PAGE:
hypocrisy which condoned all it professed to censure on condition that
it was done in unhealthy secrecy, behind the closed doors of a lying
"respectability." All manner of uncleanness had been sanctioned so long
as it wore a mask of "propriety," whereas essentially clean and
wholesome expressions of human nature, undisguised manifestations of the
joy and romance of life, have been suppressed and confounded with their
base counterfeits merely because they have sought the sunlight of
sincerity rather than the shade where evil does well to hide. Man's
proper delight in the senses, the natural joy of men and women in each
other, the love of beauty, naked and unashamed, the romantic emotions,
and all that passionate vitality that dreams and builds and glorifies
the human story: all this, forsooth, it has been deemed wrong even to
speak of, save in colourless euphemisms, and their various drama has had
to be carried on by evasion and subterfuge pitiably silly indeed in this
robustly procreative world. Silly, but how preposterous, too, and no
longer to be endured.

It was a gain indeed to drag these vital human interests into the arena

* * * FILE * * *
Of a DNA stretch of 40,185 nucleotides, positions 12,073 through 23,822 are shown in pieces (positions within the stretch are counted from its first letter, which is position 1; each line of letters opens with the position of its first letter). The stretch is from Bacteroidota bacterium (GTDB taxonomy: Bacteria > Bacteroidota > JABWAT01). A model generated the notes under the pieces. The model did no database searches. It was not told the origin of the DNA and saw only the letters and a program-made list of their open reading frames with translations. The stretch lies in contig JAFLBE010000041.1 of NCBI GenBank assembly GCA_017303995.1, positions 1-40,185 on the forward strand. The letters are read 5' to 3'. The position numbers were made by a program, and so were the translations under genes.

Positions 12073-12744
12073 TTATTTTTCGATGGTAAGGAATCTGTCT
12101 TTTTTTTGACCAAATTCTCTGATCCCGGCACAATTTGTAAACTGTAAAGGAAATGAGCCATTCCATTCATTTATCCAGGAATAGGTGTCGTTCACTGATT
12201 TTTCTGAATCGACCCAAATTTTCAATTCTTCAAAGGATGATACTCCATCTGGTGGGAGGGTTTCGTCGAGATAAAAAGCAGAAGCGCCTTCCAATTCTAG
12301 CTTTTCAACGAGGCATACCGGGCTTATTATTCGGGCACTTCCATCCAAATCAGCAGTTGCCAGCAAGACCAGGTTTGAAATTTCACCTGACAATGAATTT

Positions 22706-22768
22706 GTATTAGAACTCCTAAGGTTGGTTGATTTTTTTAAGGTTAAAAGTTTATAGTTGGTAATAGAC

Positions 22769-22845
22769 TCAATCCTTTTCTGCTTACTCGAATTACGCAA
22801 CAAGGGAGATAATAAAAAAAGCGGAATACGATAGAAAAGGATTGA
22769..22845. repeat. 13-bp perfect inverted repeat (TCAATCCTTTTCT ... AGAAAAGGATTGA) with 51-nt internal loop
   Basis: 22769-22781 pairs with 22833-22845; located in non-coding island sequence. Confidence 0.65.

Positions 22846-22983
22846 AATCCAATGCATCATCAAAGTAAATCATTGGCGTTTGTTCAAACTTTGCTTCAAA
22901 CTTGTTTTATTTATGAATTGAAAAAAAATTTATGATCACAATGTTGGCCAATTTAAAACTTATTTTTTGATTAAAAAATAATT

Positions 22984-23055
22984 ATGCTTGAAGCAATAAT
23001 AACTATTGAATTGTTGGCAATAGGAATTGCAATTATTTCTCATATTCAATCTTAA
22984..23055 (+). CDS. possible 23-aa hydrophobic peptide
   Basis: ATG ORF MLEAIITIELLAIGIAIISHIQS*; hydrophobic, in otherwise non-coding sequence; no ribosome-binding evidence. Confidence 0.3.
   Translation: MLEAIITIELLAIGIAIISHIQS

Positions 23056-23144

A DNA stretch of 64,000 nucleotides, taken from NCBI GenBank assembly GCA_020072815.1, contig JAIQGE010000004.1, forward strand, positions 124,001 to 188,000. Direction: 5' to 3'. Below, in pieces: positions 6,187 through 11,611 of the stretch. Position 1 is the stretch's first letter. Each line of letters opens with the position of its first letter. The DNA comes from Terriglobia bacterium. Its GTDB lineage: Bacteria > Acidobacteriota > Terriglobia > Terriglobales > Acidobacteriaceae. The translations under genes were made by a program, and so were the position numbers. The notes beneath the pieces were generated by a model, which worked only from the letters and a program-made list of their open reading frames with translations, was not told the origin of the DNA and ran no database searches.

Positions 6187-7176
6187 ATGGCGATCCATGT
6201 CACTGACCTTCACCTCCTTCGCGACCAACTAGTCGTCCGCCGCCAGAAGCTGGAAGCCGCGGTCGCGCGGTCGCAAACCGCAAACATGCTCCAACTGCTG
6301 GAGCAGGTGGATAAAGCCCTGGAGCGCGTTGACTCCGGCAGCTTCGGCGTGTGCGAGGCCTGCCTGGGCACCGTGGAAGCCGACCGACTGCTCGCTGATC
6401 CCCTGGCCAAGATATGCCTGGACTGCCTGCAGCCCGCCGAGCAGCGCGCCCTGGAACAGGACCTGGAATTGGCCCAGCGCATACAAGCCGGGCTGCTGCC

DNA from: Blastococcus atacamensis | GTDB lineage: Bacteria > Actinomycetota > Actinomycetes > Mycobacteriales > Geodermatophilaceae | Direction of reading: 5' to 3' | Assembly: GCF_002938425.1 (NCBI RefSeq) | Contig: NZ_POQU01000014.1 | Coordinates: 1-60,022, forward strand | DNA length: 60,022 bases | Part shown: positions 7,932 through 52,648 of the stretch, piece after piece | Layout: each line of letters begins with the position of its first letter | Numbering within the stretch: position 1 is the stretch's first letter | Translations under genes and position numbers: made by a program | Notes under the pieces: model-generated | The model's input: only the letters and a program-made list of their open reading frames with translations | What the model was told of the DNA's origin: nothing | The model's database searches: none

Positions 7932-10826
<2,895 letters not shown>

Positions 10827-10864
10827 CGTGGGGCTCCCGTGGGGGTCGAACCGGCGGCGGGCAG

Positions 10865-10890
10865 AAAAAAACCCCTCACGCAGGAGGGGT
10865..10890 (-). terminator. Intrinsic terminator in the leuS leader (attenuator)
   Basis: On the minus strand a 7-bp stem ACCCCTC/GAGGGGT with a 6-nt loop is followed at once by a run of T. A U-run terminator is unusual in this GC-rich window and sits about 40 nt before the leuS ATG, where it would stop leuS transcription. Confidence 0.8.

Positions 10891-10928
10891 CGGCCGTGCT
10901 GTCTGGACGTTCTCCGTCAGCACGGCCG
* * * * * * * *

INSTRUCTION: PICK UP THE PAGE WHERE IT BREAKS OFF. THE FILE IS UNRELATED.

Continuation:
of undaunted discussion, but things are clearly seen to have already
passed beyond that stage. Discussion has already set free in the world
braver and truer ideals, ideals no longer afraid of life, but, in the
courage of their joyousness, feasibly close to all its breathing facts.
Men and women refuse any longer to allow their most vital instincts to
be branded with obloquy, and the fulness of their lives to be thwarted
at the bidding of an impure and irrational fiction of propriety. On
every hand we find the right to happiness asserted in deeds as well as
words. The essential purity of actions and relations to which a merely
technical or superstitious irregularity attaches is being more and more
acknowledged, and the fanciful barriers to human happiness are
everywhere giving way before the daylight of common sense. Love and